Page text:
It's the middle of winter here, so imagine my surprise when the kite kept floating up to 80+ degree line angles with a taut 60 meters (200 feet) or so of line out! It must have been small patches of lift, since most times this was quickly followed by the kite sinking suddenly, sometimes almost tail-sliding back into its own tail! At other times, the kite would race across the sky from right to left or vice versa. This reminded me of the flying characteristics of its smaller cousin, the MBK 1-Skewer Barn Door. This would happen when the wind was fairly constant and not quite strong enough to make it loop.

Aren had a chance to fly the barn door too, from his pram. He gamely held on even when it pulled hard! With more sail area than the MBK 2-Skewer Diamond, this barn door is perfectly matched to our 20-pound flying line. I think when we get the chance to fly the 2-Skewer Barn Door on our 150-meter (500-foot) line, it will still be able to pull most of the sag out of it.

The sun was nearly down at this point, so I hauled the kite in, managing to fly it right down to my feet. Call me lazy if you like. I call it getting the most out of a kite flying session! As it passed down through treetop height, it nearly sank to the grass a couple of times (during lulls) before I towed it away from the ground and into the next gust.

June 17, 2008 18:46 - Striiiike 2! Bird Strike on Barn Door Kite Line

Yes, strike 2, when three unsuspecting birds flew too close to the flying line. I'm sure the baseball analogy won't be lost on you if you are from the USA or Canada! Actually, it's a bad analogy since a strike is when you miss isn't it. Mmm better get back to kites.

The wife and small son were going for a bus ride so I took the opportunity to try the Wilfred Taylor Reserve in Morphett Vale for a change. This has quite a sizable rectangular grassed area with only low trees on two sides. After giving up on the MBK 2-Skewer Diamond, due to the quite strong wind, the new 2-Skewer Barn Door came out. This 3-sticker struggled too, despite extra tail being attached. However, there was some improvement after I shifted the towing point forward a centimeter or so.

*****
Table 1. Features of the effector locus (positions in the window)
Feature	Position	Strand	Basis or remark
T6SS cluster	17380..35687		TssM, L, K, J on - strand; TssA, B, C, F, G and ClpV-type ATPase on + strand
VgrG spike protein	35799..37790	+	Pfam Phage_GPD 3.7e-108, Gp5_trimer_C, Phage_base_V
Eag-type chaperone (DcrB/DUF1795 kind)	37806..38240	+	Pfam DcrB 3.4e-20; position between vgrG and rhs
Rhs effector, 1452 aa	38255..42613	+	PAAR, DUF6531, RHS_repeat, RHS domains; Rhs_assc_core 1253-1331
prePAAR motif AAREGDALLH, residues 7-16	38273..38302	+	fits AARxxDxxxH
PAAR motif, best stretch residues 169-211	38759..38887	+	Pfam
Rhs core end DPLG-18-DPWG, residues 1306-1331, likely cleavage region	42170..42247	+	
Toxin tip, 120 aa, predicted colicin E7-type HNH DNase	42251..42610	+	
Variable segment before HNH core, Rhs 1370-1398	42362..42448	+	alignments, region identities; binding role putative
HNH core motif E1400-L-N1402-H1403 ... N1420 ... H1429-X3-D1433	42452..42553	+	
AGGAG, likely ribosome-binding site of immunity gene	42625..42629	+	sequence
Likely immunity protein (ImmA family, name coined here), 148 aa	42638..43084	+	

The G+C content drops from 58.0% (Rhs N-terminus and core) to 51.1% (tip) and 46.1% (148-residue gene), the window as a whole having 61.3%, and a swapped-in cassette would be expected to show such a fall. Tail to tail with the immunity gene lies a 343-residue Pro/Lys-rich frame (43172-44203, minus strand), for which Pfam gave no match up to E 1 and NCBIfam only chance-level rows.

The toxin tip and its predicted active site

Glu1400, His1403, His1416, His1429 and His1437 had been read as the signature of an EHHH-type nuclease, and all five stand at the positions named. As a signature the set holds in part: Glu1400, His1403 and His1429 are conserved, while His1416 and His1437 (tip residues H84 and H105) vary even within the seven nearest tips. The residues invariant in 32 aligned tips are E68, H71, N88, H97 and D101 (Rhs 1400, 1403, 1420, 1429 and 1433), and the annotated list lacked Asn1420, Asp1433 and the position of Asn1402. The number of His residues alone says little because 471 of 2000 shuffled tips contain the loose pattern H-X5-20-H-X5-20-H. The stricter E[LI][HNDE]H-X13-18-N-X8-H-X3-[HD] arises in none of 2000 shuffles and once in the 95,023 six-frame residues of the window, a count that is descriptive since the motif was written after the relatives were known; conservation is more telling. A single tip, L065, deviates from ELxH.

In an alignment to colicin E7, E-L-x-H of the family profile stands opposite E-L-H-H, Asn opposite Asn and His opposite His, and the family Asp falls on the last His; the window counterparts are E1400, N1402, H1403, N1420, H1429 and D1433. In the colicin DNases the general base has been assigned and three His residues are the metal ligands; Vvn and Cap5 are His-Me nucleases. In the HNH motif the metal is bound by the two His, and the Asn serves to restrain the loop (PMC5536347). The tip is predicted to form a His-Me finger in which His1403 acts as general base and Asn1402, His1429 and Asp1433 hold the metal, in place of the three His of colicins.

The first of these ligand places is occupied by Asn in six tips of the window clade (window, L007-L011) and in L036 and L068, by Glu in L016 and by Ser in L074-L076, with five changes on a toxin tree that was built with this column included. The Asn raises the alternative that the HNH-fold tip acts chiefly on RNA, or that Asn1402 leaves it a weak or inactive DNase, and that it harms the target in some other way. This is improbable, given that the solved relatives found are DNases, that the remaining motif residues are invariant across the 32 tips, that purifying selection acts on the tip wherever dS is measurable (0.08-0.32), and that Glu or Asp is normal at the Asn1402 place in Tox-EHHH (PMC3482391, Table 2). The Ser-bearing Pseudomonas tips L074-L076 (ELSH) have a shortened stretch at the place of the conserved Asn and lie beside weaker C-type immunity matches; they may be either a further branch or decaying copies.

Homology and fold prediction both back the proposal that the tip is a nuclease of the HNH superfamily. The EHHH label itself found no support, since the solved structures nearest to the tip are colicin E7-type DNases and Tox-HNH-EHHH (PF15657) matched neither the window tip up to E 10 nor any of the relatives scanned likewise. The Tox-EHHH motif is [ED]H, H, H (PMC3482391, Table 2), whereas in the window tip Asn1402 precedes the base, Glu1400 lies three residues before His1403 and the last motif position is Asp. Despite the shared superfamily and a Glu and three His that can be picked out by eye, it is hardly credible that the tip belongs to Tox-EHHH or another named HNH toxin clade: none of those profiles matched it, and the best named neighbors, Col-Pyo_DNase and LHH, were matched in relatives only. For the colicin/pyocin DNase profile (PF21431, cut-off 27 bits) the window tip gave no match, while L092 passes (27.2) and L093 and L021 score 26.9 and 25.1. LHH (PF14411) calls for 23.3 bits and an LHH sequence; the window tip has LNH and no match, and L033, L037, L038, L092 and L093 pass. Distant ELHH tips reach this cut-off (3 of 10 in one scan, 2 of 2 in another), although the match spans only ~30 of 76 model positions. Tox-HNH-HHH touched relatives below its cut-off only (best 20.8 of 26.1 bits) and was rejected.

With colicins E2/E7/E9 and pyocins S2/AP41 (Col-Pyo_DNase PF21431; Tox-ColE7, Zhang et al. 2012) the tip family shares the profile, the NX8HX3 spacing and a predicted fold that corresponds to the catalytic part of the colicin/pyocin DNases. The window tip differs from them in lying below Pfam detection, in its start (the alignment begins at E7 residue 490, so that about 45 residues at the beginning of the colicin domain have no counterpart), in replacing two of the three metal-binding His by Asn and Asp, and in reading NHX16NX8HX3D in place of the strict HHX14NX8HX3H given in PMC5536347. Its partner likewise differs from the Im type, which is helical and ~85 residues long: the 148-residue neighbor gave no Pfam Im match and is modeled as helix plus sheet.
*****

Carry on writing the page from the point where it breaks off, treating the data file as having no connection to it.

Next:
A bird strike has happened before, which was also recorded in this blog. "Strike 1." However, a second bird strike was still pretty unexpected! I'm sure I felt a slight twitch in the line as one of the three birds appeared to make contact. All three took evasive action, before continuing on their way toward the west. Perhaps they were looking out for more inconsiderate kite flyers invading their airspace.

Since the breeze was moderate to strong, even the Barn Door came to ground a few times. That was no problem; I just relaunched straight from the grass. With its horizontal top edge, this seems to be a little trickier than with a diamond, but still doable. As soon as it toppled over to one side, while being gently dragged, a firm tug popped it back into the air for a quick climb back up. This was fun with 100 meters (330 feet) of line out. It's a good way to startle nearby drivers or pedestrians! A bright-colored kite rockets up from nowhere, with no kite flyer in view. I was in a car park, right next to the field, to get those extra few meters of line length!